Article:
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Summary:

The recent court ruling invalidating much of the FCC’s authority over broadband service providers was bad news for lots of different businesses on the web, but it’s most chilling to companies that serve up independent video.

Anyone involved in the online video industry has to be chilled to the bone by the recent court ruling invalidating much of the FCC’s authority over broadband service providers.

The court essentially told the FCC that it couldn’t force Comcast to pass all bits equally through its cable modems, in essence allowing the ISP to once again shape packets and slow certain types of traffic with impunity. This is bad news for lots of different businesses on the web, but it’s most chilling to companies like YouTube, Metacafe, Netflix and mine, Revision3, which serve up independent video.

Why? Because Comcast could potentially slow down the delivery of our streaming video. Why would it do that? To protect its multichannel cable-TV oligopoly, and its owned and operated cable networks — including The Golf Channel, Style and G4 –- from web-based competition.

Comcast, along with Time Warner, AT&T, Verizon, Charter and other conglomerates have a lot at stake here. New multichannel services from Move Networks, Sezmi and others promise to use the broadband network to replace traditional cable services. Anecdotal evidence shows that many have already ditched cable for a combination of Netflix streaming, Amazon Video on Demand, iTunes and Internet originals, via devices from Roku, Boxee, Syabas and the new crop of web-connected TVs and Blu-ray players.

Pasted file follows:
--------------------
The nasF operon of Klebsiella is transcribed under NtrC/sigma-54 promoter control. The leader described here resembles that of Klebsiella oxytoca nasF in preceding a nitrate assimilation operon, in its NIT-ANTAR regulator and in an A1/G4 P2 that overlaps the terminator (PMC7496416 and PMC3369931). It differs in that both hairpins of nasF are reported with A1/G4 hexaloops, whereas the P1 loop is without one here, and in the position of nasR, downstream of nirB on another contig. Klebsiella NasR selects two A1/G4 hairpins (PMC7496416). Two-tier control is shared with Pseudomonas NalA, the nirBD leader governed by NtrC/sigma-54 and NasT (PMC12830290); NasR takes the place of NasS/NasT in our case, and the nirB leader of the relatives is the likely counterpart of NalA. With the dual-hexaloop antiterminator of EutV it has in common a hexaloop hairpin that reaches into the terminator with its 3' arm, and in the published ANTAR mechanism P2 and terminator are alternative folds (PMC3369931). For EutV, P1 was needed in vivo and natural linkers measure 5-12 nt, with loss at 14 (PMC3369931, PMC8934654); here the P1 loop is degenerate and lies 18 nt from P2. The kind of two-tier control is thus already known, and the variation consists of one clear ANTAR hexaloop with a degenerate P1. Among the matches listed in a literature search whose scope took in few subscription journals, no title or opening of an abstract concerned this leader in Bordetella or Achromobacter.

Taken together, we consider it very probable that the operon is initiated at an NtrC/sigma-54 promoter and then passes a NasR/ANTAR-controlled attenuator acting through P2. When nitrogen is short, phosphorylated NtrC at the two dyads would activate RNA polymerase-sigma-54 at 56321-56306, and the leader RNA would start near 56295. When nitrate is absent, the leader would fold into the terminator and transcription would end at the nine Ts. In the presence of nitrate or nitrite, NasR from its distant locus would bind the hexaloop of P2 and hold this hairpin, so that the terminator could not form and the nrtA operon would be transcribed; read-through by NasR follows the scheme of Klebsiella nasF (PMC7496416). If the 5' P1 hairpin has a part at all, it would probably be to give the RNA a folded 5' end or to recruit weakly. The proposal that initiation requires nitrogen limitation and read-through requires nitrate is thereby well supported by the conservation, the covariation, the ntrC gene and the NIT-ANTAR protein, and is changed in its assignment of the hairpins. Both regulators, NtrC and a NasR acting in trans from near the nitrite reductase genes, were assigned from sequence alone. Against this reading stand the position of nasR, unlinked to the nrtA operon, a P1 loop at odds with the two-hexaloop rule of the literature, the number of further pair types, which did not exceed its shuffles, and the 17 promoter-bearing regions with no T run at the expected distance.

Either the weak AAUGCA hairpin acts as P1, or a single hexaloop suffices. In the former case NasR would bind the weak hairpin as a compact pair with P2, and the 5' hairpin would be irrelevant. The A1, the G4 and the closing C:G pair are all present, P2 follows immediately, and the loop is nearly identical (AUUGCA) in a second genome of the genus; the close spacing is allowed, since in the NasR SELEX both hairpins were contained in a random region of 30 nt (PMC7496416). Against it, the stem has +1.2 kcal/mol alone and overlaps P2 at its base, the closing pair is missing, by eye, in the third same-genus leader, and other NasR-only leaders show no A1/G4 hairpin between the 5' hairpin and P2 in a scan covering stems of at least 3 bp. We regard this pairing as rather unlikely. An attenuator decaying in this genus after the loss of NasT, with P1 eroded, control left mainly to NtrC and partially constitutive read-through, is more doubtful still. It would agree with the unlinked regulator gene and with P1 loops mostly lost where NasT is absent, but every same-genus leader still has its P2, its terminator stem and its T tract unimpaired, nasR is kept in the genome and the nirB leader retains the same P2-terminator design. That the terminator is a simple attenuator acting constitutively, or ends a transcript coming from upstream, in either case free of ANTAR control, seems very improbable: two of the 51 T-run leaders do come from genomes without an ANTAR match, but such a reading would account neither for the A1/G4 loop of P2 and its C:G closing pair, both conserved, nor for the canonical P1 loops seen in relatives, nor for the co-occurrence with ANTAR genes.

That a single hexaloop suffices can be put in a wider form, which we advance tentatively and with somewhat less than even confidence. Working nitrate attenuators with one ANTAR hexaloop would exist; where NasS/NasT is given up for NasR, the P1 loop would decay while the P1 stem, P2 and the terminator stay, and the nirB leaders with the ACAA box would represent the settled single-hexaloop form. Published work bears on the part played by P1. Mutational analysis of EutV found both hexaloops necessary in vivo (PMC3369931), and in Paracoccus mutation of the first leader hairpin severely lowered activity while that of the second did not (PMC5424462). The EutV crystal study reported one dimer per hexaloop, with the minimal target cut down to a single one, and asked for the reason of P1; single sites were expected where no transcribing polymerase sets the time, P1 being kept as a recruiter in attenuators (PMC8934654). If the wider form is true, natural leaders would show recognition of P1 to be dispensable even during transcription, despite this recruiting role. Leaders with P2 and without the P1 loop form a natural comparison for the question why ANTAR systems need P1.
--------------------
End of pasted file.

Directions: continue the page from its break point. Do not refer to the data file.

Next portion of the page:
Streaming video is not like a simple file transfer, because all the bits have to arrive in order, and on time, in order to ensure a clean and rebuffer-free viewing experience. ISP routers already analyze every packet for source, destination and routing path, and it’s relatively easy to slow down, or shape, packets based on type or source. And if you can’t get a good streaming video signal because your ISP has slowed those services to a crawl, you’ll be forced right back to traditional multichannel video services for your television.

So the courts have handed cable TV operators, along with Verizon and AT&T, a huge tool to keep their customers from fleeing to Internet alternatives. As you would expect, though, Comcast and others are claiming that they “remain committed to the FCC’s existing open Internet principles.” They’re also asking the government to let them self-regulate.